- Weekly market update
- 5 minute read
A good week for
- Oil rallied c. 12% in US dollar terms
- Equities across the US, UK and Japan gained ground in sterling terms
A bad week for
- Bonds broadly suffered, falling 1-2%
- European equities weakened in sterling terms
UK fiscal policy
In last week’s Spring Statement, UK Chancellor Rishi Sunak offered only limited support to households facing shrinking real incomes. Last year, Sunak announced a freeze in the thresholds for income tax and a new 2.5% health and social care tax on employees and employers, due to start in April. Additionally, the rate of VAT charged on hospitality will now revert to 20%, having previously been reduced to 12.5%, as a means of aiding the recovery from Covid lockdown measures. These measures will increase the tax take, but will weigh on household’s disposable incomes at a time when high inflation is challenging wage growth in real terms. Sunak opted not to reverse any of these tax increases, but did announce some relief measures. These included raising the threshold for national insurance contributions by £3,000, and reducing fuel duty by 5p per litre. The Chancellor also announced his intention to cut the basic rate of income from 20% to 19% in April 2024, one month before the next election. However, net-net, the overall tax burden is rising, which will likely be a drag on consumer spending.
UK inflation accelerated to 6.2% in February, from 5.5% in January, the highest rate since March 1992. Strength in the more stable core components of the CPI calculation underpinned February's print, with surging global goods prices continuing to feed through. The more volatile clothing and footwear and recreation and culture sectors were boosted by unusual seasonal pricing patterns, while year-on-year comparisons were made more prominent by a soft reading last February when the economy was in lockdown. UK real wage growth has been negative for several months now and, while wage growth is expected to accelerate this year, inflation is likely to rise more, with April forecasts above 8%. Consumers may still use pandemic-era savings to supplement spending, but the uneven distribution means lower-income households will face the strain sooner.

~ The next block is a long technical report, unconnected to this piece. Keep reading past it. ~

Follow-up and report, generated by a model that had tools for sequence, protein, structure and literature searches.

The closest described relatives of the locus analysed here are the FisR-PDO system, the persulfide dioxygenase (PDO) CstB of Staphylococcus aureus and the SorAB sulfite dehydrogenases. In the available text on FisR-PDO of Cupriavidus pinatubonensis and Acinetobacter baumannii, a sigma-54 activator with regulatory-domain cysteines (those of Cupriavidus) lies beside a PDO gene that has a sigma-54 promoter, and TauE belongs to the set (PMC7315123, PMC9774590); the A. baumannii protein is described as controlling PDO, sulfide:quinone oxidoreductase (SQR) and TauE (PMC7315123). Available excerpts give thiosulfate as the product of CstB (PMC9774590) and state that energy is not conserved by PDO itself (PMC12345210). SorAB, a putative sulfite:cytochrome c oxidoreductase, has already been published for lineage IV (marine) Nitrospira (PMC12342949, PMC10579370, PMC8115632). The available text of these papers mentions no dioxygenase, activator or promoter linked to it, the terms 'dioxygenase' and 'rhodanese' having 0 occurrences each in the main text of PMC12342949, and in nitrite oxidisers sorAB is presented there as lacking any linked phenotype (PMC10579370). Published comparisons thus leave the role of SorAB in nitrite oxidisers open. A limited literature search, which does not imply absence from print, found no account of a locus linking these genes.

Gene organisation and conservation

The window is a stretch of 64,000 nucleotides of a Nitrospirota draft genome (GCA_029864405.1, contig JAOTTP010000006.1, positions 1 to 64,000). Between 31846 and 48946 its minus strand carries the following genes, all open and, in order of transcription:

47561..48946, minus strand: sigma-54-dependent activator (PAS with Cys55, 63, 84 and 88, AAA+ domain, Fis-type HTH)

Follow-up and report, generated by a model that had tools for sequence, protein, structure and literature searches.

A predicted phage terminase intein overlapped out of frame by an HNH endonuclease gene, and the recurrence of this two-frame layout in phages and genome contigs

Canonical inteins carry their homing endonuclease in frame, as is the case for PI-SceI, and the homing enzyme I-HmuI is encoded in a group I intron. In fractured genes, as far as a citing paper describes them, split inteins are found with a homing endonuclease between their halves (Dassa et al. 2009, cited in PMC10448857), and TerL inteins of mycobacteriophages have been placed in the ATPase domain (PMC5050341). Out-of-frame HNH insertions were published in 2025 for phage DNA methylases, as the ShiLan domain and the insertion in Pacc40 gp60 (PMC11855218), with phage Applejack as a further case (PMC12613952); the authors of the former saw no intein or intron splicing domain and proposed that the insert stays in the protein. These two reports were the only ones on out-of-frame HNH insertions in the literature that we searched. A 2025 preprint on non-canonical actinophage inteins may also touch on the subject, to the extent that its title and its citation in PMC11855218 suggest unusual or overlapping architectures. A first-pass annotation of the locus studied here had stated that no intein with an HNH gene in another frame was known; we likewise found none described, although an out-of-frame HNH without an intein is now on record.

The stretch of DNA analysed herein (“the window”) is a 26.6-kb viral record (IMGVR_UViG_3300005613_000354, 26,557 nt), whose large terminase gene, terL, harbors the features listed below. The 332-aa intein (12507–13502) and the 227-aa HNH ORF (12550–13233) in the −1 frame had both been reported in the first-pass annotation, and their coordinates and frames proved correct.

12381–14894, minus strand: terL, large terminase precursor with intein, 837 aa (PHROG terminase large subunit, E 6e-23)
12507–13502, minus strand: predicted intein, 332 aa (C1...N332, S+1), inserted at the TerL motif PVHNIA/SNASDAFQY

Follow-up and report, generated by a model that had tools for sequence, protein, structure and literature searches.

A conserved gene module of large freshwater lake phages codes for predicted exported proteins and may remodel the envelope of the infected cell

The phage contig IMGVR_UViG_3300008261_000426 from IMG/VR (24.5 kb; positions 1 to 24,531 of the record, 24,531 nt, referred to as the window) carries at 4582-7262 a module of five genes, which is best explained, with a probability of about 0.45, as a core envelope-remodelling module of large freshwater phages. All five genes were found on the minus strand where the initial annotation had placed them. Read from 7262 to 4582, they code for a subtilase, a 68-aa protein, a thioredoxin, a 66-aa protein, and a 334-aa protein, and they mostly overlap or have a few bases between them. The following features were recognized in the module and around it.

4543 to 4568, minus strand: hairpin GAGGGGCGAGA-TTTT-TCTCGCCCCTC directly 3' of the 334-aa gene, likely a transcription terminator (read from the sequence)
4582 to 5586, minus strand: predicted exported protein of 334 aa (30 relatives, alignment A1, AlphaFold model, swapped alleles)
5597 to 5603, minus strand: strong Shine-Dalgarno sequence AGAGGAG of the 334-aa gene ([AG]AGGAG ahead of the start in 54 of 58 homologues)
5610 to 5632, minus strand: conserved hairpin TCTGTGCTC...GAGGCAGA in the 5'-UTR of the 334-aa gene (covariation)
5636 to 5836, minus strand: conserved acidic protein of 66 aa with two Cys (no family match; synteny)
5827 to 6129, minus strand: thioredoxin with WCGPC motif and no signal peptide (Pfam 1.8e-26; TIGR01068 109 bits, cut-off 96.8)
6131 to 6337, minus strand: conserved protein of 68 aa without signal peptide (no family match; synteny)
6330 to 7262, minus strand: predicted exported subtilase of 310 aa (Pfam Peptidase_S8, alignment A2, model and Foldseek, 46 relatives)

Business and consumer survey data last week offered the first insight into the impact of the Russian invasion on sentiment. The negative impact was more pronounced amongst those regions closer to the conflict, with European consumer confidence falling 10 points. UK consumer confidence also weakened, albeit less so, while US consumer confidence was almost unchanged. Looking at businesses, March readings of the Purchasing Managers’ Index painted a similar picture, with a modest weakening in the Eurozone and UK, and strength in the US. Europe’s geographic and economic proximity to Russia explains the stronger impact. Aside from the risk that an escalation causes the war to spill further into Europe, reliance on Russian energy means Europeans will face high prices and potential energy shortages if the EU presses ahead with plans to reduce its reliance on Russian energy by two thirds this year.
The US agreed to supply the EU with more energy last week, as Europe tries to reduce its consumption of Russian energy. The US, and other countries, will supply an extra fifteen billion cubic metres of gas to Europe, taking total US supply to 37 billion cubic metres, equivalent to 24% of the gas currently being imported to the EU from Russia. US supply is to rise, with the EU looking to take a total of fifty billion cubic metres until 2030. To meet the rest of the demand, Europe is looking at using existing nuclear and coal power stations for longer, accelerating green initiatives and reducing usage, as well as further energy imports. While US imports will ensure some supply, the cost will still be high, as gas imports are in demand globally. Nonetheless, there is a political will to make this sacrifice, with European Commission President Ursula von der Leyen confirming a desire to “diversify away from Russia towards suppliers that we trust, that are friends, and that are reliable.”
Russian President Vladimir Putin last week demanded that "unfriendly" countries buy Russian gas in rubles, and suggested the measure could be widened to other commodities as well. Currently, gas is mostly paid for in euros or dollars. Overseas buyers would need to buy rubles ahead of any purchase, but sanctions imposed on Russian banks would make this difficult. The move could give state owned banks more control over foreign currency holdings in Russia, but may make life more difficult for Russia’s gas firm Gazprom.
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